Bodyweight fluctuations and swim speed

evmoevmo San FranciscoAdmin
edited April 2012 in General Discussion
I've been thinking recently about the effect of gaining/losing weight on swim speed. Last year I gained ~15 lbs in anticipation of cold water in the Catalina Channel. It ended up not being necessary, but hey, at least I was prepared.

However (as is surprisingly easy to do), I sort of "forgot" to lose the channel weight :)

Anyway, the reason it's been on my mind is that I'm doing a couple pool meets this spring, and am finding the extra weight somewhat inconvenient! This led me to wonder how much, exactly, it's slowing me down. My intuitive sense, based on my own pace times in training, is that it's somewhere around 2-3 seconds per 100m, per 10 pounds (all else being equal, which as @KarenT will point out, is almost never the case).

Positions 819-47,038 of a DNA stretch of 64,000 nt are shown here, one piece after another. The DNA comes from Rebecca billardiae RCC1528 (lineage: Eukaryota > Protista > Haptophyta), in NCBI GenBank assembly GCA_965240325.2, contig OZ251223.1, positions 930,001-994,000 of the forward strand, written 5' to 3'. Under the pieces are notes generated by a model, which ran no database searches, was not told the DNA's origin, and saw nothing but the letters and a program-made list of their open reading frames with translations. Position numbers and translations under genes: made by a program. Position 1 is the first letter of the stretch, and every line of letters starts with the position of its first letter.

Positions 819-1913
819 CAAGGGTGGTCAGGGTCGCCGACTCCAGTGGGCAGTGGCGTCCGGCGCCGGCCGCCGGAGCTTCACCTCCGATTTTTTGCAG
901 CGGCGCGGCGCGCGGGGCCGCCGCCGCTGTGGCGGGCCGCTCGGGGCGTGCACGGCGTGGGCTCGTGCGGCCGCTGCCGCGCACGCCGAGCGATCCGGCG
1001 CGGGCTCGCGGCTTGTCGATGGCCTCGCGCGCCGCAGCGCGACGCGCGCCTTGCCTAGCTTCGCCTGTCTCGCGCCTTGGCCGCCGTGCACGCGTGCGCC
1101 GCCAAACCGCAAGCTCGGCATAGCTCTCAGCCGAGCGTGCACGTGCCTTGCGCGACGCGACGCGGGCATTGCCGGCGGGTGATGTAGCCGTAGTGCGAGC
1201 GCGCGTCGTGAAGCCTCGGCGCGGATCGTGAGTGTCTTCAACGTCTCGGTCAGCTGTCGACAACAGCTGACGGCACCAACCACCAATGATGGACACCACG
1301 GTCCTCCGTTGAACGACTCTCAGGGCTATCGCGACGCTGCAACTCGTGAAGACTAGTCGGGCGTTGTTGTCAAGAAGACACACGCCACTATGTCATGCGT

This extrapolates to around 10-15 minutes for a channel swim, which seems relatively minor. On the other hand, 30-45 seconds in a pool mile actually seems pretty significant to me.

I'm wondering if anyone has thoughts on this, or "data" from their own experience to enrich our understanding?

As swimmers we don't have to think about this as much as our land-based fellow athletes, but I find it an interesting issue nonetheless.

Comments

  • Thinking about this some more, and setting any other reservations aside, perhaps it makes more sense to talk about % of body weight increases / loss, rather than pounds....? 10 pounds added to a 200 pound individual has a very different embodied effect than on a 120 pound individual...
  • evmoevmo San FranciscoAdmin
    I agree, and along the same lines -- Perhaps it makes more sense to think of changes in swim speed in % terms, as well.

    2-3 seconds/100m is much different to a 1:20/100m swimmer than to a 2:00/100m swimmer.
  • I wonder if weight:speed would turn out to be a direct proportion or somewhat exponential over a range of weights.